My plan after my first half-Ironman was to take off a couple of weeks entirely, and then ease my way back into working out. I lasted 13 days. Not too bad, LOL! I ended my race recap blog with this: "I have a vision of my fall/winter/spring training going something like this: swimming a few days a week (maybe with a Master’s team), cycling a couple of days a week and getting some great intervals in on the trainer, running a few days a week with my friends just for fun (nothing longer than 4-5 miles on weekdays and 8-9 miles on weekends)."
And, for the most part, this has been what I've been doing. I actually did join a Master's team. The Columbus Sharks swims on Tuesday and Thursday mornings at 5:45 AM, and on Saturdays at 7 AM. What is ideal about this team is that they train at St. Charles High School, which is located 5 minutes away from the school where I teach! Talk about perfect! I wish the practices started a bit earlier. I am able to swim for 45 minutes before I have to get out, shower in the very nice locker rooms, and head over to work by 6:50. I have been a bit bad about going there twice a week--it seems like a run always sneaks its way into my schedule instead (e.g. birthday run, donut run, etc.). The practices are hard but fun, and not at all boring. I honestly like the challenge of swimming with a team again and pushing myself to keep up with others.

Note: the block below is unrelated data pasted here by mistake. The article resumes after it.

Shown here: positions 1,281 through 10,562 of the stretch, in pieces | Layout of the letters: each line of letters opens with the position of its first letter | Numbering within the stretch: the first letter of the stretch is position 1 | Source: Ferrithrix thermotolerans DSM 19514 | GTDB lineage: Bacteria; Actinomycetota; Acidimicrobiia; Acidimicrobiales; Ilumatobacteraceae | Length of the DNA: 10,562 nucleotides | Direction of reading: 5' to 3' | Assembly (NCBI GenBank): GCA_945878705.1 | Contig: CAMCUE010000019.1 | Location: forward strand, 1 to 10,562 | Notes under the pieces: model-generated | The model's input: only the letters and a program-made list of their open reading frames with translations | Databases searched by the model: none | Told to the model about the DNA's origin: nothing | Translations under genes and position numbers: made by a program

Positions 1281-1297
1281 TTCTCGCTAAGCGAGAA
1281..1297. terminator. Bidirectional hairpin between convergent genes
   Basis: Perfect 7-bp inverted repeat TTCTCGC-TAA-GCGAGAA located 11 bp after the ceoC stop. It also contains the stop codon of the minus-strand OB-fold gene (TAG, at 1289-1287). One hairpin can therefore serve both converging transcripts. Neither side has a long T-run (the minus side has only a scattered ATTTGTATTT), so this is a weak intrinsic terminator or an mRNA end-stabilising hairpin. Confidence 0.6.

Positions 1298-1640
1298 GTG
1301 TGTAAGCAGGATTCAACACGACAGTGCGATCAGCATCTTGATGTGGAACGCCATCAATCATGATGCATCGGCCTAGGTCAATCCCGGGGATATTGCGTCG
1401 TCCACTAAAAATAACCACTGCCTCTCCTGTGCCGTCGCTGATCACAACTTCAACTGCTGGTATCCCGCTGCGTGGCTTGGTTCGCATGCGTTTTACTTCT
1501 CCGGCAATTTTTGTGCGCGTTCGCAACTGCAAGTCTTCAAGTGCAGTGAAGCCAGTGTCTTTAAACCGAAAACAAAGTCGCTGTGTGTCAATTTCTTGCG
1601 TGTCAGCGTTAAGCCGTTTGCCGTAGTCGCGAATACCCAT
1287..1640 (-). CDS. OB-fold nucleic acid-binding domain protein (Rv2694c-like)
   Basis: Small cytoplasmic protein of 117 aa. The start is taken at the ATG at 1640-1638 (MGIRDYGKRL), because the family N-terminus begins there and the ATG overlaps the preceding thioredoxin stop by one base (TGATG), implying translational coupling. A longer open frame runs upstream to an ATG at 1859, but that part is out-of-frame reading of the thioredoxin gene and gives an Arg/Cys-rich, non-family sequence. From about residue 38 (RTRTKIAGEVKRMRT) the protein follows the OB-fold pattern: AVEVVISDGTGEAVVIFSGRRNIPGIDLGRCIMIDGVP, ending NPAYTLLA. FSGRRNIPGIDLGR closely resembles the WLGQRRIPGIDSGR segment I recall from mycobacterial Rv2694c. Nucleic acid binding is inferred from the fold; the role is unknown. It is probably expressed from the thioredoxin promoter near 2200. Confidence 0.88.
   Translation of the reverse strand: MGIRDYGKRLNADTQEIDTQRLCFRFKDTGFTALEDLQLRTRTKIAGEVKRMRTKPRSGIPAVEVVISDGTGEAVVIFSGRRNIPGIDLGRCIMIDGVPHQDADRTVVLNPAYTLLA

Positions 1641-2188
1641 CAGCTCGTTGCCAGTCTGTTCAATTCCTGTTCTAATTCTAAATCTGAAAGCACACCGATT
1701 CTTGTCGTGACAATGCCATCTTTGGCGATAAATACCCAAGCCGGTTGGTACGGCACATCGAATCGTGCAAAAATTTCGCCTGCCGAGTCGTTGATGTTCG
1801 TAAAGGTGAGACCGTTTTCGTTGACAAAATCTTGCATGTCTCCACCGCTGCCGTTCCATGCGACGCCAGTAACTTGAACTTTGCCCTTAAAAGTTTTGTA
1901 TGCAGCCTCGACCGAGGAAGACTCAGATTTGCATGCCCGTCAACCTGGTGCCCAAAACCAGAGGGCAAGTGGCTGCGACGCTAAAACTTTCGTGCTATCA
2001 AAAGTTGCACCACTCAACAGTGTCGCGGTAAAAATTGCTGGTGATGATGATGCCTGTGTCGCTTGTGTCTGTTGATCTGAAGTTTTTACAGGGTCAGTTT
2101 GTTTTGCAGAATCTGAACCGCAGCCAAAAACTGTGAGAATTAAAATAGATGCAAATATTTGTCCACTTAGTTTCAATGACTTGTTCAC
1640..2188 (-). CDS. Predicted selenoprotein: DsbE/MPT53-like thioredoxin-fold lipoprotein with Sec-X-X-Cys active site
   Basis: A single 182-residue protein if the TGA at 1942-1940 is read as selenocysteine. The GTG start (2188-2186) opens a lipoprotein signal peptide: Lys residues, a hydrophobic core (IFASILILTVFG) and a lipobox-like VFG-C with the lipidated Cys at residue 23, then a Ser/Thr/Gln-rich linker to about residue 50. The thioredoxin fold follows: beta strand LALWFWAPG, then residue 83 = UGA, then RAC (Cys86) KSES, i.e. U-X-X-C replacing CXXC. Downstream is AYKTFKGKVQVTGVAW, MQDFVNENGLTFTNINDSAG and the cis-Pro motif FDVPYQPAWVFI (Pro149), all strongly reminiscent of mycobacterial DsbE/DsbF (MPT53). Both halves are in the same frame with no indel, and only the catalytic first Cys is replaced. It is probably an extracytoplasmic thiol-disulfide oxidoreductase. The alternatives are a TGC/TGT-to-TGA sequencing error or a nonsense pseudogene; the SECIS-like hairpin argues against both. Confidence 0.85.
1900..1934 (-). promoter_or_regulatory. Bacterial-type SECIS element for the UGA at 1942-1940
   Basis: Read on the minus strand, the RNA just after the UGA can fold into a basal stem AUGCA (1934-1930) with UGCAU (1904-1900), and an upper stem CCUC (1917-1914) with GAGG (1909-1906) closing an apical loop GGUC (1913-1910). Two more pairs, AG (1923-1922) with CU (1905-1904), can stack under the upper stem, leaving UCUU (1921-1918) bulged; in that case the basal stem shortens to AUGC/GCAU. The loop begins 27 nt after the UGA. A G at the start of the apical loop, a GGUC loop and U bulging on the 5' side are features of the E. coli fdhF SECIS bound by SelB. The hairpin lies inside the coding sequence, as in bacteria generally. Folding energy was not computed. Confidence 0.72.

I haven't been biking much at all... every couple of Saturdays I am able to fit in 15-20 miles with friends, but that's about it. I miss it a ton, but the time that it takes to actually go on a good ride, plus the fact that I refuse to bike before the sun is up, makes it very difficult to bike at all during the week... and the weekends have been packed with kids' activities. I still have my friend Mike's trainer, and I am contemplating setting it up to get some miles in.
Running-wise, I try to run Wednesdays, Fridays and Saturdays or Sundays. As I mentioned, an occasional Thursday slips in (in which case I run on Sunday--never more than two days in a row!). My pace ranges from 8:40-9:30, and miles range from 3-5 on weekdays, depending on who I'm running with, and right now I'm good with that. I like not having to follow anything specific, especially after training so hard this past summer. I've built up to 8 miles for my long run, and I don't plan on going much higher than that for now. I have the Hot Chocolate 15K (which is 9.3 miles) next month, where I am pacing the 9:00/mile group, so that is my goal right now--to be comfortable running 9 miles at that pace. I will have to carry a pacing sign as well as motivate my group.